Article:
/ BSD

Building a firewall with pfSense

When I first signed up with my current ISP a few years back, I started with a student plan that was around $35 a month for basic speeds. More than enough for me to attend online classes and play the occasional MMO. Fast-forward a few years and they were charging me about $180 a month because of our family's usage of video streaming services and massive game downloads for the PS4. Me working from home more often and constantly downloading vagrant boxes and docker images all day didn't help either. I called up my local ISP and asked about a business account. I had to sign a 3 year contract, but they gave me the same speeds I had without the data caps, plus a public IP to use. So I thought to myself, "Neat!, what can I do with that? Maybe I could tinker around with hosting something?"

It took me about a week to get the public IP somewhat working. I'm still not happy with it and it still needs more work. I'll try and explain it all here in hopes that I can save someone else out there some of the pain I went through figuring it all out.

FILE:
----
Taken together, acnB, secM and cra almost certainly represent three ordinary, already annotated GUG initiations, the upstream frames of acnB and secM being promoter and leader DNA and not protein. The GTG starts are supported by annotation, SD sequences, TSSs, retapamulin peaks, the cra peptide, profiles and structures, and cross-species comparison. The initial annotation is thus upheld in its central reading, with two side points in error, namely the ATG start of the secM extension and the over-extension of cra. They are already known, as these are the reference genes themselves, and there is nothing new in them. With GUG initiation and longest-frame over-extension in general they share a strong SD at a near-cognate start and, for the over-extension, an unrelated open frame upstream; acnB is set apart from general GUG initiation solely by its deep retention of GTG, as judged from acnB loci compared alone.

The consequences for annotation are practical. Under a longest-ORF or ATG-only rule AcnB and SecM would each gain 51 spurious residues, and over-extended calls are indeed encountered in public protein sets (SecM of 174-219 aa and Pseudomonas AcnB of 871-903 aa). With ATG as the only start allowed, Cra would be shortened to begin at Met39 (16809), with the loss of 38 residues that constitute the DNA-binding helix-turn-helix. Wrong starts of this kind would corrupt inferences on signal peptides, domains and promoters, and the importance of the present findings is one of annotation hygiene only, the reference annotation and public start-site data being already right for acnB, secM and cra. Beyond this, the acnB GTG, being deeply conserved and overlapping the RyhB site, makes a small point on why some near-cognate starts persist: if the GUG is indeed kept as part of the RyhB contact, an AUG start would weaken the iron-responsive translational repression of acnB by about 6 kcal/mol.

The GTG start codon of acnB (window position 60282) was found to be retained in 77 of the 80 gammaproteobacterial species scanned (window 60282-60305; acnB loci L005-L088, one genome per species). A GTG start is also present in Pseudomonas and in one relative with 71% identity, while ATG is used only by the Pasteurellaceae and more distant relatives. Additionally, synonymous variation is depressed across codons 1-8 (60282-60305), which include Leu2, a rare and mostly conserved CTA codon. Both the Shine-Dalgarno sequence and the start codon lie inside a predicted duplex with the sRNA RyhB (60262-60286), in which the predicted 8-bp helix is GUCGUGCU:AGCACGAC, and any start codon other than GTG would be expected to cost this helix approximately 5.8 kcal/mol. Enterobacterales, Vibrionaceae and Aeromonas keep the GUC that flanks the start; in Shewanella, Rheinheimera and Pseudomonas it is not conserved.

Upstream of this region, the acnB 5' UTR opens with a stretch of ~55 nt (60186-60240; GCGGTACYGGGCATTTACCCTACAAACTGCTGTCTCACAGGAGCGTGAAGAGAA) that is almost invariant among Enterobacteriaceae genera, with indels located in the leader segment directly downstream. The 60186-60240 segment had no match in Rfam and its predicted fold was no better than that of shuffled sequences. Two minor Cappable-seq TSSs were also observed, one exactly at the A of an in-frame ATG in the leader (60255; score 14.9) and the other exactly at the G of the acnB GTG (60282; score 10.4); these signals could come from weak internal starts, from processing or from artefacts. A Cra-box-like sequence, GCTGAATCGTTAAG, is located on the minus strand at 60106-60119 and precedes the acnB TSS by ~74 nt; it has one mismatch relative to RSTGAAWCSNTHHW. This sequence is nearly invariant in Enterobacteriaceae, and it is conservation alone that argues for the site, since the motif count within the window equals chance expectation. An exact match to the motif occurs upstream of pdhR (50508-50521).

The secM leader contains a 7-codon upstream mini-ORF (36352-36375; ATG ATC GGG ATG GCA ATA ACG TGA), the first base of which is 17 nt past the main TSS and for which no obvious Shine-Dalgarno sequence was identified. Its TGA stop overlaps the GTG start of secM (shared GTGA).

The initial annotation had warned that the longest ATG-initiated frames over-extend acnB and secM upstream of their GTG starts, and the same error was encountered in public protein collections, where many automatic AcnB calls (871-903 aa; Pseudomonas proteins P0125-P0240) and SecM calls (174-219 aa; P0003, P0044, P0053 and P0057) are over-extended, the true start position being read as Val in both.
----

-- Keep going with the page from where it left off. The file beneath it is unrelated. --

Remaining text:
Vagrant lab

If you would like to test any of these setting in a virtual environment before committing them to your home lab, you can create a quick virtual environment with a few simple steps. Here is one way to do so with vagrant and virtualbox. I'll be using a vagrant box from kennyl/pfsense

Create a file named Vagrantfile using the init command.

vagrant init kennyl/pfsense

Open it with whatever text editor you use and customize it to your liking. I've added a few things that will help get things moving.